(Originally posted on Feb. 20, 2019. My apologies that comments were lost.)
Yesterday was the last day of my Lucie Brock-Broido Stay, Illusion practice. The idea was to sit down each day—at my desk, at the gym, on the bus, wherever—read a poem from Lucie’s book, choose a line, a fragment, an image, and write from or in response to it. I started on October 22. I did not show up daily, but I did show up. Yesterday was poem 65. And then a sadness that it was done.
Some of these drafts might become poems. A couple of them already have. One is in active revision. And many are pressed in the pages of my notebook. I’m hoping to get back to them, read and see which ones, or whether any, still ignite some spark worth nurturing.
What did I learn? This worked well for me. Each time, I’d write something. Even if I knew it wasn’t going to turn into anything else, I was writing. Even better, it gave me a chance to sit in active conversation with Brock-Broido’s poems again. My goal had been to choose not just compelling images but those that were difficult or uncomfortable—not the kinds of things that might naturally show up in my poems anyway. And that was the biggest challenge, to tug away from comfort’s gravity.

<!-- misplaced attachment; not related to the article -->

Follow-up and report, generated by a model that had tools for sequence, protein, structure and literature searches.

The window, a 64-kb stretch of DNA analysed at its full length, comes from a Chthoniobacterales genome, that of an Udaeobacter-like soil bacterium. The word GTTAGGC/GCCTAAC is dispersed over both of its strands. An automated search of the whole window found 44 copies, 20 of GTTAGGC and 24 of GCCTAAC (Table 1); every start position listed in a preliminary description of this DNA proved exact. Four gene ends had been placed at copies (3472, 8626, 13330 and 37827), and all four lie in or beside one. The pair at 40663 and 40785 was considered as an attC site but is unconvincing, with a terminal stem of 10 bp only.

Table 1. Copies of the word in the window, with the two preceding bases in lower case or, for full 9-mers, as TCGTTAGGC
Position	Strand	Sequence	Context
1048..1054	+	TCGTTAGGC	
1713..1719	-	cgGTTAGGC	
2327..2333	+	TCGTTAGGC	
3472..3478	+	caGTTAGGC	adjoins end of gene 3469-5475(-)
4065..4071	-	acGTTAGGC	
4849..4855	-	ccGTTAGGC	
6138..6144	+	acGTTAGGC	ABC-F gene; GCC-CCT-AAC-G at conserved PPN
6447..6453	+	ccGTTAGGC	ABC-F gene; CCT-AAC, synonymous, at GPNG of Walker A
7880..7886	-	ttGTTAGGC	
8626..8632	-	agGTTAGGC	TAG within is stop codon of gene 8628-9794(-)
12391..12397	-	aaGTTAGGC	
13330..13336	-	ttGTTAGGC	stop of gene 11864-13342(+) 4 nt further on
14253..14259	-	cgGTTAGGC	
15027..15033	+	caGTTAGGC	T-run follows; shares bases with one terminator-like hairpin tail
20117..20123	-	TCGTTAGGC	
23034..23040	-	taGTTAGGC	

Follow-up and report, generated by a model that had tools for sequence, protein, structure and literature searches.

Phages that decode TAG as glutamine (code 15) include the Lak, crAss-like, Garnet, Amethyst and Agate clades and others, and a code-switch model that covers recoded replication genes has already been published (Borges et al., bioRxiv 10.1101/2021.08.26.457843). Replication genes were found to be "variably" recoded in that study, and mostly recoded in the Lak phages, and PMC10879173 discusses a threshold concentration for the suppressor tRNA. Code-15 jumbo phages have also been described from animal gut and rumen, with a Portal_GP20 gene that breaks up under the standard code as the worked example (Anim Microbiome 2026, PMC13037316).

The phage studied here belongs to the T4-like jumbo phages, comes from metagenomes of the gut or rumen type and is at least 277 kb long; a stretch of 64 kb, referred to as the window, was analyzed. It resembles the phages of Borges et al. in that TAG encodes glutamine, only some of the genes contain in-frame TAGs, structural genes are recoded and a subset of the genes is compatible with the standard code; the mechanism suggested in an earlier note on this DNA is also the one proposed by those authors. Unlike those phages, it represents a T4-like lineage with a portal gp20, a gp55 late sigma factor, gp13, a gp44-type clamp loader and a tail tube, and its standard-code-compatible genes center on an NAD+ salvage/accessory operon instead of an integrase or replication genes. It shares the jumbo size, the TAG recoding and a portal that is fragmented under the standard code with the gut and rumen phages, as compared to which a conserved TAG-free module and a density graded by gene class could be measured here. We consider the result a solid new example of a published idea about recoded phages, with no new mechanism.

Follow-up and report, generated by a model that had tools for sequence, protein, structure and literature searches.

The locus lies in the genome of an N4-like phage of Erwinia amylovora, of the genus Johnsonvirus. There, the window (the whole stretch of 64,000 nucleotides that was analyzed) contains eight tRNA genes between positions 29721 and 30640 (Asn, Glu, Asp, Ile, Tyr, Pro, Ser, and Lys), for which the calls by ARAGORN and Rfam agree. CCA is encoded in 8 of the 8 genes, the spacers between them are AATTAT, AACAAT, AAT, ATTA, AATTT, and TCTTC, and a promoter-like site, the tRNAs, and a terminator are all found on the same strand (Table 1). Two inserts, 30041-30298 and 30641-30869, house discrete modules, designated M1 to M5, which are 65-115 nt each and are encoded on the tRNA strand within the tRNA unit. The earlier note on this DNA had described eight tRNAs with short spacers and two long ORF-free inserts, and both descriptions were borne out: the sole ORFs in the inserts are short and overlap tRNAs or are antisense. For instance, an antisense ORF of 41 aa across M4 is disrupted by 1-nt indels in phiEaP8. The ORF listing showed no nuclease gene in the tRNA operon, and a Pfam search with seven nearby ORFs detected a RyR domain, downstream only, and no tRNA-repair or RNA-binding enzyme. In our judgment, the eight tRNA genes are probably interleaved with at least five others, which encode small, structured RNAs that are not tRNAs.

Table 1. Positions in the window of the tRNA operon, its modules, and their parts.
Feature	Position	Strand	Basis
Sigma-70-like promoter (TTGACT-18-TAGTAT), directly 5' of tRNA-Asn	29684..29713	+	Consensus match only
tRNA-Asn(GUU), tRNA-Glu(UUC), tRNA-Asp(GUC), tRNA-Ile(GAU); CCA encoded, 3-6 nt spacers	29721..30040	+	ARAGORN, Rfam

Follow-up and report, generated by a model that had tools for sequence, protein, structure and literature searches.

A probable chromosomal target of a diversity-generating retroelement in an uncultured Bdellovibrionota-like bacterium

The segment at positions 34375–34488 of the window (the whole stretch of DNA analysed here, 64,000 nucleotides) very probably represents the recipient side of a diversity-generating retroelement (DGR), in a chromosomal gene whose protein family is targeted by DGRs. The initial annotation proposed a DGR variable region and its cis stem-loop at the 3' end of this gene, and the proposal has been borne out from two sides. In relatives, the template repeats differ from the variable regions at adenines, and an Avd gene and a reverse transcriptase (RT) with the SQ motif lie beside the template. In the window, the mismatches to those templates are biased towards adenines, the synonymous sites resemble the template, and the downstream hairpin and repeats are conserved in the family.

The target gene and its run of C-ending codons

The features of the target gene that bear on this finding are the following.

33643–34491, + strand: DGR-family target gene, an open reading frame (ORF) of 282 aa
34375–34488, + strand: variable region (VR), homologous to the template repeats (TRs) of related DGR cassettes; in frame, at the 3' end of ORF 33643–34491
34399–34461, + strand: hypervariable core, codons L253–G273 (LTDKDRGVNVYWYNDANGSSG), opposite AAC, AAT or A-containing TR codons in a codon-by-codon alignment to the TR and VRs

The end of one practice…the beginning of another.
I want to keep the momentum, to keep the practice going. And in this next round, I want to complicate the challenge, shift the choice by writing only from the first line, and then choosing 10 words to incorporate. But to further avoid bias, the word choices need to follow a pattern—like the first word of the first 10 lines, or the last word, or the first and last words of each stanza. I haven’t tried that kind of constraint before. And what if I get a bunch of articles or prepositions? It’s a learn-as-you-go choose-your-own-adventure, with a minimum of choosing. This morning, I took a new book off the shelf and started with the first poem. It did not go well in terms of stunning surprises, but it did go well in that I showed up. I practiced.
I would also benefit from getting into a revision practice, as I did in Poetry Month 2015. Harder, without that daily thrill of newness, but probably a better strategy for completing my thesis.
How about you? Have you been working or playing a poetry practice this year, or any other kind of practice?